How do people reject climate science?
September 13th 2012
In an article on the 9 Billion website, John Cook of the University of Queensland, takes a slightly different angle from a previous article by Stephan Lewandowsky on the Australian website, The Conversation, about why do people reject science, and considers how people are able to reject climate science in the face of strong evidence.
A growing body of research has found that when a person’s worldview is threatened by scientific evidence, they interpret the science in a biased manner. One issue where this influence is strongest is climate change. For supporters of an unregulated free market, regulating polluting industries to reduce global warming is so unpalatable that they are far more likely to reject that climate change is happening. The mechanism by which ideology such as this influences our scientific views is confirmation bias. We place greater weight on evidence that confirms our beliefs, while ignoring or resisting conflicting evidence. This can be a challenge when confronted with a convergence of evidence and a scientific consensus, but confirmation bias is up to the task. Let’s look at some examples.
The most common manifestation of confirmation bias is cherry picking, where one carefully selects a small piece of data that paints a friendly picture and overlooks any inconvenient evidence. How do we spot cherry picking? It’s important to remember that there is no “their evidence” versus “our evidence”. There is only the full body of evidence. If someone arrives at a conclusion from carefully selected evidence that contradicts the conclusion drawn from the full body of evidence, that’s cherry picking. Cherry pickers ignore the fact that our planet is currently building up heat at the stunning rate of around 3 Hiroshima bombs per second. Instead, they focus on short periods of the surface temperature record. This record bounces up and down from year to year as the ocean exchanges heat with the atmosphere, meaning that it’s possible to find any short period during a long-term warming trend where temperatures fall briefly. Meanwhile the planet continues to build up heat – around 250 Hiroshima bombs worth since you started reading this article.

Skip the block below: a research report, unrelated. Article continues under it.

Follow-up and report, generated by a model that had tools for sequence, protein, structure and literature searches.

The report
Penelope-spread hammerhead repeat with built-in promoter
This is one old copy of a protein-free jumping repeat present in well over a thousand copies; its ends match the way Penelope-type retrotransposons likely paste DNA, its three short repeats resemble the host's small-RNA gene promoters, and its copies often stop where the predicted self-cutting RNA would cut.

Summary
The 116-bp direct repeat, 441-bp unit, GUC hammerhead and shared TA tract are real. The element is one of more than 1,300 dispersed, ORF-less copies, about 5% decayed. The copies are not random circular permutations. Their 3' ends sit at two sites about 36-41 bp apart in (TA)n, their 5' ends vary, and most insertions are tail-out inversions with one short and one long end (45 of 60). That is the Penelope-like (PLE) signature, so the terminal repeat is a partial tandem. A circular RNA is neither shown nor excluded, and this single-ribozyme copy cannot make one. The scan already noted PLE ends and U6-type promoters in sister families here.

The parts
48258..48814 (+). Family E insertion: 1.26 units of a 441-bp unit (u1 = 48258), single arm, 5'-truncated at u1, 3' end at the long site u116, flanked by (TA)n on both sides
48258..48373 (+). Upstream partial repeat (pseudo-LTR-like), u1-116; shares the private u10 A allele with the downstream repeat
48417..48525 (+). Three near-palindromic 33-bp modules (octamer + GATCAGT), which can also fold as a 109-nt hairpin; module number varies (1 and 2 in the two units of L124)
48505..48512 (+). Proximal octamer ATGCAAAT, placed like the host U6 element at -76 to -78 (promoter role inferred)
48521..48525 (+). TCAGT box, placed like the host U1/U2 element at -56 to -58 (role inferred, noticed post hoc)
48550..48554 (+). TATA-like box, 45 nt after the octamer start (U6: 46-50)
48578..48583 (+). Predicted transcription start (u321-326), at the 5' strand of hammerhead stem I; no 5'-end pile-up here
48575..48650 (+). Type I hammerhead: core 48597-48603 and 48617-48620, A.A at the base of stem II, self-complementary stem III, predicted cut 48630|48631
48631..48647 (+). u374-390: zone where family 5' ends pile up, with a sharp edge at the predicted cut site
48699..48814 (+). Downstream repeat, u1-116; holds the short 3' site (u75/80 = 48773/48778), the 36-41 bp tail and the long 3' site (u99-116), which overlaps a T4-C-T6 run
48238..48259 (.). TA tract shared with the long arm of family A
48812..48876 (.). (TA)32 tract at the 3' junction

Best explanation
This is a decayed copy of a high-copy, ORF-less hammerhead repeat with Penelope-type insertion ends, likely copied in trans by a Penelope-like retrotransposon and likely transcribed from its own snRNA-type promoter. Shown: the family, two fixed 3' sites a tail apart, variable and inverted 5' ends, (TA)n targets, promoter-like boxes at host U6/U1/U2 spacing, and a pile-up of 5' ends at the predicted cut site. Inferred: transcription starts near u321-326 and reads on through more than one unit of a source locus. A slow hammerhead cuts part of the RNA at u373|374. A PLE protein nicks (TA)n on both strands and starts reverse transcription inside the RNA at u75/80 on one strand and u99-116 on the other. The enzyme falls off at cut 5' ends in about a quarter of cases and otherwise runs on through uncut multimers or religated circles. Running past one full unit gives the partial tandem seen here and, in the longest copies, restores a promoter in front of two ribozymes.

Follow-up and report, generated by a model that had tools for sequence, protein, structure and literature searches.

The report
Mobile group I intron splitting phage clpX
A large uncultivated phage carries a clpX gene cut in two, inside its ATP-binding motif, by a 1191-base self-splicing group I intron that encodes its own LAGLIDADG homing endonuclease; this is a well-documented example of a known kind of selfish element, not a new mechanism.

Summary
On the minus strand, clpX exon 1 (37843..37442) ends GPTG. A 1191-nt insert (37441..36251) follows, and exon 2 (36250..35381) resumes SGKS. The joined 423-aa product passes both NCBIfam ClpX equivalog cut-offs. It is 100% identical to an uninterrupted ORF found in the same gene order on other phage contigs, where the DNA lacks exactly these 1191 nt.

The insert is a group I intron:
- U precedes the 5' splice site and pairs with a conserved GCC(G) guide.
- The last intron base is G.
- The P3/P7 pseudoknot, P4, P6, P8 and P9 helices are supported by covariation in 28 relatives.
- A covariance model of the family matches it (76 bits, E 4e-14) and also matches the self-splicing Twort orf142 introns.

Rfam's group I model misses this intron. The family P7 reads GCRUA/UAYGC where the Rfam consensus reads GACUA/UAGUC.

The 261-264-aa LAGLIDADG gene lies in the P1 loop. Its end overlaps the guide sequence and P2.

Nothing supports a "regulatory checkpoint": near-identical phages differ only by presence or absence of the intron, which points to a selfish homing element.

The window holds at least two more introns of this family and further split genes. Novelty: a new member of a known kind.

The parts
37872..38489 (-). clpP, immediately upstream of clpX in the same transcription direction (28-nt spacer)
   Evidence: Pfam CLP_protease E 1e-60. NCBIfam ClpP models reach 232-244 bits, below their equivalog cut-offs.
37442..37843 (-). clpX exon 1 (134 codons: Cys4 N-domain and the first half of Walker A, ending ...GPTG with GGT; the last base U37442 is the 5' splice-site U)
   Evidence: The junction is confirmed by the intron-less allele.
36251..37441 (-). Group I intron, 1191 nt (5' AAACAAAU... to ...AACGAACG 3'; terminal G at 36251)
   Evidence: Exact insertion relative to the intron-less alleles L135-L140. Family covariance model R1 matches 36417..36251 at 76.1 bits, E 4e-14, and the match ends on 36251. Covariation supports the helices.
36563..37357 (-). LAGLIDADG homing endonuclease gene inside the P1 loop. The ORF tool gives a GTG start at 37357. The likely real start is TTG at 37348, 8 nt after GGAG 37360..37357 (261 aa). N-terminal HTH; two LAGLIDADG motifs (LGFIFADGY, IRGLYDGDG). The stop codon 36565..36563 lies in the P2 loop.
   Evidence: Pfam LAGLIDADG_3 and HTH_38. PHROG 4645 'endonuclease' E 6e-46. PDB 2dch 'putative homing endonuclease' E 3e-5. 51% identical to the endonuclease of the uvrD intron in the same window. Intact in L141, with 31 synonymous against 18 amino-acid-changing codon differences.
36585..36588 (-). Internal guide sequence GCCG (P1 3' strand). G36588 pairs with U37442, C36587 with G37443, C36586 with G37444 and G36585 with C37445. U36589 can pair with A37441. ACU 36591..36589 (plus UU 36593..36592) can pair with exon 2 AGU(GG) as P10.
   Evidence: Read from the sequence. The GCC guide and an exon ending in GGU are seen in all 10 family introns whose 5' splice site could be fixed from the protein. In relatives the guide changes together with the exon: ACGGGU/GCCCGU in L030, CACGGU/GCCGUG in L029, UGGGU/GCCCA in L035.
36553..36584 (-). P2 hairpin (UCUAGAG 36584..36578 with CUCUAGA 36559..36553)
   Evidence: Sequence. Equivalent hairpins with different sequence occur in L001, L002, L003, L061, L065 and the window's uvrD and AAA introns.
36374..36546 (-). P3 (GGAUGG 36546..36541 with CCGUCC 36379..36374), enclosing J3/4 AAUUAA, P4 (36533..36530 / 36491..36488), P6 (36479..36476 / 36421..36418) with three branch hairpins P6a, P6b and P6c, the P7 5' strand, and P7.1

Confirmation bias also influences which sources of information we put our trust in. People tend to attribute greater expertise to people who share their values and beliefs. We’re drawn to those who tell us what we want to hear. So what happens when 97 out of 100 of climate scientists agree that humans are causing global warming? Those who reject the scientific consensus lavish their attention on the 3% minority, magnifying their significance and turning a blind eye to the 97% of scientific experts.
Read the full article: The 9 Billion
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